Thanks for sharing this story Lou. Tony’s experience helps to put things in a right perspective. It is always inspiring to hear of someone who went up against the odds and battled through. Not everyone wins, but glad Tony did. It also tells me that doctors aren’t always right (as in how they didn’t catch the aneurysm right off the bat), you’ve gotta be really proactive in figuring out what’s wrong with you.

  2. Scott May 25th, 2009 2:46 pm


    Were you on Blue peak on Friday? I saw your vehicle at the trailhead. We skied a NW facing couloir on Blue Peak that day on slushy, difficult to ski mush on top of the dirty snow layer. Still fun, but not quite like last year.

  3. Lou May 25th, 2009 4:00 pm

    Yeah, we did the regular route in the morning whiteout, looked like the vis got better later?

  4. Francisco May 25th, 2009 4:12 pm

    Great story about Tony. We really have no right to complain. Every good (and not so good) day is a gift.
    I ski without a thyroid. I got really sick with Grave’s disease when I was seventeen. Treeatment took two years with drugs and radiation. Imagine a 17-19 year old told not to do any physical activity whatsoever! Since my recovery, every day on the snow means a lot. I just pop a pill everyday and everything is alright.
    I am very grateful to scientists and doctors. If this happened 50 years ago, I would have died due to lack of the necessary technology.


  5. Scott May 25th, 2009 5:34 pm

    @ Lou

    Yeah, the visibility got better, at least intermittently. We got a late start and the top snow layer got a little soft. We kicked most of the new snow off on our descent. It wasn’t bad on the steeper terrain, but I could barely stay upright on the lower angle stuff due to the unpredictable edge hold. Weird how the low angle terrain was harder.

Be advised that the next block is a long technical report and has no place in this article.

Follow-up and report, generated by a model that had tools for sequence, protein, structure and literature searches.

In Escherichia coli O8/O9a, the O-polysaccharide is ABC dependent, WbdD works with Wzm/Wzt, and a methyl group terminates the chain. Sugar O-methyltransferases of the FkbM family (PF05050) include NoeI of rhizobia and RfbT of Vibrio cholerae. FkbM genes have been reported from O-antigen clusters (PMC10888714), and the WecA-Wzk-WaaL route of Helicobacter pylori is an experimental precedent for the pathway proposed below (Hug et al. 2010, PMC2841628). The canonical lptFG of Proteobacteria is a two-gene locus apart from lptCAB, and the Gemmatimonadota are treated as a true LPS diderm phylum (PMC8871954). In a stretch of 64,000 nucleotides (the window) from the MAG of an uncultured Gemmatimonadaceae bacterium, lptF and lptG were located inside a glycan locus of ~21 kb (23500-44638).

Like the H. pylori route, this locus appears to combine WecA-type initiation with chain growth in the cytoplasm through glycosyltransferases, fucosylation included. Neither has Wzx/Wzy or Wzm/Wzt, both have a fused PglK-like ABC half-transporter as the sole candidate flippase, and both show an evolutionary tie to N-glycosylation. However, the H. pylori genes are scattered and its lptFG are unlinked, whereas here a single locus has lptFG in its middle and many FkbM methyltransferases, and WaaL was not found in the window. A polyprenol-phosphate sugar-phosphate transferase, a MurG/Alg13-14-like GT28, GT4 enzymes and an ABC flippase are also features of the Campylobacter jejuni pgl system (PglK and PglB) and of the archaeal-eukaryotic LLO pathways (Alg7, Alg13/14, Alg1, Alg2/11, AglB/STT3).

6. Mark Worley May 25th, 2009 5:47 pm

    Toni, you never meant to be inspiring or a story of hope, but you really are both. Glad you came through the aneurism ordeal so well.

  7. Brain July 31st, 2009 4:48 am

    It’s really a fascinating story and at the same it serves as a source of inspiration for those who are diagnosed with an aneurysm.

  8. tracy howell March 25th, 2011 11:01 am

    HI Tony i am also a brain aneurysm survivor,although unlike you i dont climb mountains or anything ,i know the fear of thinking your life will change forever ,my uncle had died at 32 from a bleed so little hope was given for me,but 3 years later im fine no side effects and i put it all down to my wonderful father ,who had terminal cancer at the time of my collapse,his fight and determination gave me the will to survive, he as passed away now sadly but i still carry his strength inside,im so glad that you was ok and wish you all the best for the future ….like mine long and happy without any bloody headaches .love Tracy

  9. Nancy Tugano July 16th, 2013 5:51 pm

    What a wonderful story Tony – thanks for sharing!! I had my share of brain aneurysm surgery 3 months ago. I had all the fear not of dying but for the negativity of what IF effect….and guess what, I reinstated my season ski pass from Perisher and I’m skiing for 3 days this week.

    After my surgery I made a decision to go back to Africa to hike Mt Meru & Mt Kilimanjaro a long time plan that been pushed aside for quite sometime – still have few months to wait but airfare now purchased.

    Until now, I still live with other 2 aneurysms and my Neurosurgeon advised to check once a year for growth….apart from that, life continues on with me.

    I wish you all the best.